"Once Upon a Time" by Nadine Gordimer essays

02/09/2017 · Essays and criticism on Nadine Gordimer - Critical Essays

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The publication of Ezekiel Mphahlele's An African Image, probably the most influential book of literary and cultural criticism in Africa until recently, effected a revolution in our perception and understanding of our literary history in South Africa. Some of the terms of its evaluation and judgement have acquired their own authority, having been proven with the passage of time to have been prescient: the devastating criticism of the work of Alan Paton. One of its fundamental achievements which is only becoming apparent today, a quarter of a century after its appearance, is to have made it possible for new, young and vigorous white Afrikaans writers (the true inventors and owners of the Afrikaans language are the so-called Coloureds, not the Boers, who merely appropriate this social and cultural instrument) to overcome their nationalistic particularisms by writing within the context of a national literary forum which had been established by William Plomer's Turbott Wolfe and Sol Plaatje's Mhudi. This is what in effect happened with the emergence of the Sestigers writers: Breyten Breytenbach, Andre Brink, Etienne Le Roux, etc. Their emergence was in the extremely politically repressive interregnum, between the Sharpeville massacre of 1960 and the powerful re-appearance of Nadine Gordimer with The Conservationist (1974), when most of the African writers around Drum magazine had fled to exile: Ezekiel Mphahlele, Lewis Nkosi, Bloke Modisane, etc. It is this which justifies the following appraisal, which has been up to the present only been concerned with English-speaking writers. Perhaps a consideration of Eugene Marais and Uys Krige would have been appropriate.

Nonetheless, Nadine Gordimer is in many ways the very air of our cultural climate in South Africa today.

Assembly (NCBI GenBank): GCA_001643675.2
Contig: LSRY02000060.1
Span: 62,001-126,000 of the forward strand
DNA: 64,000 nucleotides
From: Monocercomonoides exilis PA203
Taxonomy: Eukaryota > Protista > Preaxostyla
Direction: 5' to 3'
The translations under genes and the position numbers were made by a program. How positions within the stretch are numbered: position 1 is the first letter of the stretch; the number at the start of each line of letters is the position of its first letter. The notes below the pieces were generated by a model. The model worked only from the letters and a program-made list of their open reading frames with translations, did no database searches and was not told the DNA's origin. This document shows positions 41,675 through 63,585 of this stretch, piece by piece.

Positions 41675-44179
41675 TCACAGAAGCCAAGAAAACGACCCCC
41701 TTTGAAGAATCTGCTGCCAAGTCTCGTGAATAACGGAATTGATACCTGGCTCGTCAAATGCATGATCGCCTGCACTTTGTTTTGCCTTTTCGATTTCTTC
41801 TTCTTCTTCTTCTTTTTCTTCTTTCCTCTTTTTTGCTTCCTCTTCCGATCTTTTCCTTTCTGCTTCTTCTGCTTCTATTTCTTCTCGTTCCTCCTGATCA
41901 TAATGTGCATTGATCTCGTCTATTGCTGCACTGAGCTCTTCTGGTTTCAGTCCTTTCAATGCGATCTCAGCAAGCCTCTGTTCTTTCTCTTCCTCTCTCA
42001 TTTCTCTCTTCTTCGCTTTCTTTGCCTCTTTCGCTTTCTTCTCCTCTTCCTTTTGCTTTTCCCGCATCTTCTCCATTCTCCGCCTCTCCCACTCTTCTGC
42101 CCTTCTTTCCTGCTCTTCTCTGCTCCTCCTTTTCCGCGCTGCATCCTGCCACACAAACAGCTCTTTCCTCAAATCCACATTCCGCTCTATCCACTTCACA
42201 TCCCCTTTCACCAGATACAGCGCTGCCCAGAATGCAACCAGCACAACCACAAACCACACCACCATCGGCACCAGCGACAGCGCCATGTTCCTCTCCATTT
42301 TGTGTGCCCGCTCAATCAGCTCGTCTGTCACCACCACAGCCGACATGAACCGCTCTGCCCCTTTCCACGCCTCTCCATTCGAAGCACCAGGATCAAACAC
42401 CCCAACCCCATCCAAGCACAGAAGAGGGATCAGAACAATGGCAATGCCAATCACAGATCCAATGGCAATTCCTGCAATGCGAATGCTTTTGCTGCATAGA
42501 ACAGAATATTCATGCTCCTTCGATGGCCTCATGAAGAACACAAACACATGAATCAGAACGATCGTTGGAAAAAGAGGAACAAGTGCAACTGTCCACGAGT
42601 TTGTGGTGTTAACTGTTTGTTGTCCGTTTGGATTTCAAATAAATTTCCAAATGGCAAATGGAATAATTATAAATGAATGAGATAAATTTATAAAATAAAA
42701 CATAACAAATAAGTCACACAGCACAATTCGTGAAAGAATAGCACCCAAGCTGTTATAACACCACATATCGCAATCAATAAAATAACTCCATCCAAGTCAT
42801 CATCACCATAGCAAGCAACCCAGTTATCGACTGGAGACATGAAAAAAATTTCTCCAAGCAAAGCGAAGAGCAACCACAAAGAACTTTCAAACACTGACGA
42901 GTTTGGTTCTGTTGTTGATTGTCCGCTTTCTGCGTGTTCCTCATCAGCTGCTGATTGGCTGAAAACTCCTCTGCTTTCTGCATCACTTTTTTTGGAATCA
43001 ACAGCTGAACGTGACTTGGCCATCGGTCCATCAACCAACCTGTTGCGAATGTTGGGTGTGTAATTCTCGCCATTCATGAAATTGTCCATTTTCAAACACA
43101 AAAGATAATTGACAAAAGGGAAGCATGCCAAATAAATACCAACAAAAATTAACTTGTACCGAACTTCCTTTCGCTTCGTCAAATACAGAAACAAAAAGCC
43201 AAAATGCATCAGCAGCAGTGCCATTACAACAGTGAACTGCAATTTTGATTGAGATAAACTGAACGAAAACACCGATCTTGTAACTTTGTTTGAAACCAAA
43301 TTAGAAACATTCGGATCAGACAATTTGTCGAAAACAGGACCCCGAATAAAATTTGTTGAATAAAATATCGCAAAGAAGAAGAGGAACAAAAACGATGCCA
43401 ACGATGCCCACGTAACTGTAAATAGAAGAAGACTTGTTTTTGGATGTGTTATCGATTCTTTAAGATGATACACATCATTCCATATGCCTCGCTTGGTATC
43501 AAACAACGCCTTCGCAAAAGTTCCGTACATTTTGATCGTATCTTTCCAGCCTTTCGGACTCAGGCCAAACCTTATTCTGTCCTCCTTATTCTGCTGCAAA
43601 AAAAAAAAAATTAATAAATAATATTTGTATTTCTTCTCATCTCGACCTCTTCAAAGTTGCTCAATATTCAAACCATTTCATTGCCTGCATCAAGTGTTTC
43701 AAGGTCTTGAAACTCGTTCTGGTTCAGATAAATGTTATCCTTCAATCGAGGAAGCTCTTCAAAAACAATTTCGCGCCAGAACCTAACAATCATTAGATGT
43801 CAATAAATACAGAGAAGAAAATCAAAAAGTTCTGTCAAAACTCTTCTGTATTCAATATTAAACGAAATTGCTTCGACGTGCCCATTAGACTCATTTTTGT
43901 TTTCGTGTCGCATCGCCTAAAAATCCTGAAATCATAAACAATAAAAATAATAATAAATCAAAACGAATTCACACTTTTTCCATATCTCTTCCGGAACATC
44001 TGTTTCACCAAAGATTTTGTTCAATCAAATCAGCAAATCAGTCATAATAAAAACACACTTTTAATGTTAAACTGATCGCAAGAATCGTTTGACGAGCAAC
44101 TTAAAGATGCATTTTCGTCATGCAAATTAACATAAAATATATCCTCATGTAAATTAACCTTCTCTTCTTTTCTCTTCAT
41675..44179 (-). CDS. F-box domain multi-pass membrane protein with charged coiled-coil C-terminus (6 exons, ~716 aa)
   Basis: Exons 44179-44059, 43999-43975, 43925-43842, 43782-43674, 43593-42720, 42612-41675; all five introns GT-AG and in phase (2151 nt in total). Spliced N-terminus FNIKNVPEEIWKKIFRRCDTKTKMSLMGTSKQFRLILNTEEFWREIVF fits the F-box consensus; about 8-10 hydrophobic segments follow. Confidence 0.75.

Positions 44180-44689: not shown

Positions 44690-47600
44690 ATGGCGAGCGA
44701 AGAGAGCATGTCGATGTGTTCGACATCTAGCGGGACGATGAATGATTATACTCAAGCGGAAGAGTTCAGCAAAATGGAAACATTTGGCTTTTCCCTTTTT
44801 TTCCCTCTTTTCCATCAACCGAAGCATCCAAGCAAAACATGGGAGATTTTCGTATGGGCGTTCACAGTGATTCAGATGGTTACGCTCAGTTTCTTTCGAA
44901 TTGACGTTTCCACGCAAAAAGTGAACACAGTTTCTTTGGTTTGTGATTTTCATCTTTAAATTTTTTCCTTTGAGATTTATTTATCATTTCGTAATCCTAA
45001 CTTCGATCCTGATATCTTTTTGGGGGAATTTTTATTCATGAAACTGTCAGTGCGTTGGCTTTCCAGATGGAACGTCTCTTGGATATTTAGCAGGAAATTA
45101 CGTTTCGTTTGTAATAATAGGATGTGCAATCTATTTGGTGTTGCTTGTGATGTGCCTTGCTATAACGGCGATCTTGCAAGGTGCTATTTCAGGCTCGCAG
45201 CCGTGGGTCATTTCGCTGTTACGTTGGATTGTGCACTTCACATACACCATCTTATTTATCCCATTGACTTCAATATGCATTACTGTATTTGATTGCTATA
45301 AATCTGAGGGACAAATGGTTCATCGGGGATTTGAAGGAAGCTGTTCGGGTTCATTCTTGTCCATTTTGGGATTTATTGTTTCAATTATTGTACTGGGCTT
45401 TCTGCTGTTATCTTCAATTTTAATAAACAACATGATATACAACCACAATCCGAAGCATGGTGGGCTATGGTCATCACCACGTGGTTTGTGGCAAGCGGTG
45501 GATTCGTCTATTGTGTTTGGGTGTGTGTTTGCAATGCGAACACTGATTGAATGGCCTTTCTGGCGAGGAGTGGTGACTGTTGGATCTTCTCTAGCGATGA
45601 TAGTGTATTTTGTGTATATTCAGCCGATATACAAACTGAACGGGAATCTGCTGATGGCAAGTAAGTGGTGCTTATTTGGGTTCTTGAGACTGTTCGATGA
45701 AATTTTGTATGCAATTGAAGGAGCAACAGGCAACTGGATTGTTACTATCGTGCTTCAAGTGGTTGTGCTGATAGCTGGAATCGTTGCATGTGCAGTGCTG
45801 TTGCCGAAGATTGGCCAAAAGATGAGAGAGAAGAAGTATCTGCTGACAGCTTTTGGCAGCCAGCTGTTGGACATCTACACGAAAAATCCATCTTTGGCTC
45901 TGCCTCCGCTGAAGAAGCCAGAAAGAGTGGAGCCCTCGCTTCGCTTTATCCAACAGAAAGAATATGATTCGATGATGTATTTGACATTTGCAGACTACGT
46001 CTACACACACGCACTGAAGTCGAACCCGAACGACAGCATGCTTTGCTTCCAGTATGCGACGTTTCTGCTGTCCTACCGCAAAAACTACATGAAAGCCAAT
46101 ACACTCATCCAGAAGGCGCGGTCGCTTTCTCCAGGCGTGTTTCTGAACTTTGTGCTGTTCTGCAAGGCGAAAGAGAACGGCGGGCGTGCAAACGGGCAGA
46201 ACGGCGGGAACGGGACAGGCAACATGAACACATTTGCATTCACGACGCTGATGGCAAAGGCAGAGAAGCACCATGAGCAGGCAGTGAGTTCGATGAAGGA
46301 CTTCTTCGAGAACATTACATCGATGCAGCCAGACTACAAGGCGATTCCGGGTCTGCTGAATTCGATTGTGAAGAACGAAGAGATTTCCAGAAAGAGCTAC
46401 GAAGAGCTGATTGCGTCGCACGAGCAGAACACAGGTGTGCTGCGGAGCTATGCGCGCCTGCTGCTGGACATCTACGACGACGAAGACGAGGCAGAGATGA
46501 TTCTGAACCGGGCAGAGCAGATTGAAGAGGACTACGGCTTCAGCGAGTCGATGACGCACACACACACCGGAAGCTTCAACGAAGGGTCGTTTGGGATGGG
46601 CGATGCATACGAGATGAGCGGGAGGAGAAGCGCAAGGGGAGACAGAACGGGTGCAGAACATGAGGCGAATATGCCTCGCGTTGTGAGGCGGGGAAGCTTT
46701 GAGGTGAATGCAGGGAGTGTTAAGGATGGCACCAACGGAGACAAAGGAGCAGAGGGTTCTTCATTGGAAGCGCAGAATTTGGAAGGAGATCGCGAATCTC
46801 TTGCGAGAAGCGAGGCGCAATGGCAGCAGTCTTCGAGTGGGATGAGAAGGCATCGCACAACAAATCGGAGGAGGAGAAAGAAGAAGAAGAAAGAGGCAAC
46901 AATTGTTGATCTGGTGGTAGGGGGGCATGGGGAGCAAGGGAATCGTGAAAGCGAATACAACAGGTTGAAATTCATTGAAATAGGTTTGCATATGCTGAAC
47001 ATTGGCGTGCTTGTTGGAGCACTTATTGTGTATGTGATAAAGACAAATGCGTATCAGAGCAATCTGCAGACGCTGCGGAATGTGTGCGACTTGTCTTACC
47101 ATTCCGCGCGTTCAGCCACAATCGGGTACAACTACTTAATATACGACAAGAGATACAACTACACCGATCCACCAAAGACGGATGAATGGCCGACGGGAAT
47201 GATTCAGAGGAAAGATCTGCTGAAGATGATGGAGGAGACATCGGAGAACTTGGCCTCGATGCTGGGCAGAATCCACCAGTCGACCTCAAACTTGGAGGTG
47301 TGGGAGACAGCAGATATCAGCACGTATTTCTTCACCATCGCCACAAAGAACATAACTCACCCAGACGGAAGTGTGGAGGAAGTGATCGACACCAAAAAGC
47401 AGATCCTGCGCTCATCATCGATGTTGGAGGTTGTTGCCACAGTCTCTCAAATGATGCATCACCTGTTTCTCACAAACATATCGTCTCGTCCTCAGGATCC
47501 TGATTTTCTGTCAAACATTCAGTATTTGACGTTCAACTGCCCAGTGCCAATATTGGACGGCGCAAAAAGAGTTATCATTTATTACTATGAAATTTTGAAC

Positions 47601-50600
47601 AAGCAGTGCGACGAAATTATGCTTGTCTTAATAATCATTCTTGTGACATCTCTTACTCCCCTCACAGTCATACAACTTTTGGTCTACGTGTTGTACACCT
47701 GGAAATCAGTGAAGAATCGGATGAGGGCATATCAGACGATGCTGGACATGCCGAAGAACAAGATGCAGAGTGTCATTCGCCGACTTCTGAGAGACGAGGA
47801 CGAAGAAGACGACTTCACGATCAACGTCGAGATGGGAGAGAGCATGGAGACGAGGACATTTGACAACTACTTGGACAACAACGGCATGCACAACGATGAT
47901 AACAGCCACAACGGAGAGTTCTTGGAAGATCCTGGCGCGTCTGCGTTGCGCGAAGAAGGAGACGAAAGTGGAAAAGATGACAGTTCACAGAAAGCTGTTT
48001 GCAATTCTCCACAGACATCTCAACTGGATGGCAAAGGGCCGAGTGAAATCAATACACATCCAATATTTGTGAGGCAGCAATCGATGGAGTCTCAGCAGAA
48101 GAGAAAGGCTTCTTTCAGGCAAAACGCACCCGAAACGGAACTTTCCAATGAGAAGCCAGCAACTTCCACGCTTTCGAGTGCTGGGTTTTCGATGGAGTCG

Critical Essays on Nadine Gordimer, ed

It has been necessary to say these preliminary words on the peculiarity of the central problematics of our national history because, as the recent books, by commentators, on and interviews with Raymond Williams have shown, literature, whether in the form of fiction, or drama or poetry, embodies within its mode the social experiences and the imaginative historical sensibilities of a particular moment.(2) This has been particularly so in our national context, even if some of our best writers have pretended otherwise. Literature at its eminently conscious moment is an active imaginative representation of the social history of a particular country, whether in the instance of Tolstoy in Anna Karenina in relation to the freeing of the Russian peasantry from the manacles and chains of serfdom in 1861, or in the case of Balzac whose cycle of novels portray in sorrowful terms the justified defeat of the landed gentry at the hands of the rising bourgeois class, or the example of Chinua Achebe in Things Fall Apart where the catastrophic confrontation between imperial European history and the emerging African national histories, is graphically illustrated, and in our immediate context the exemplary instance of Nadine Gordimer in The Late Bourgeois World which argues for the inseparability of the political destinies of both black and white South Africans in a post-revolutionary era. Each of these writers, in their different and complex ways, show that history, whatever its multifarious configurations and disguises, is at the center of the imaginative literary enterprise. That is so in South Africa, is self-evident to everyone, even to those who vehemently argue to the contrary. In fact, the principal aim of our national literature, whether in its black or white shadings, whether in the African languages, European languages or Indian languages, which is presently being contested in class and race terms. That this is so will be evident on examining a profoundly disquieting essay by Andre Brink on the significance of history for the literary imagination, which forms part of the profile to be studied. To put it calmly, Andre Brink does not seem to have understood the tragic dimensions of our national history.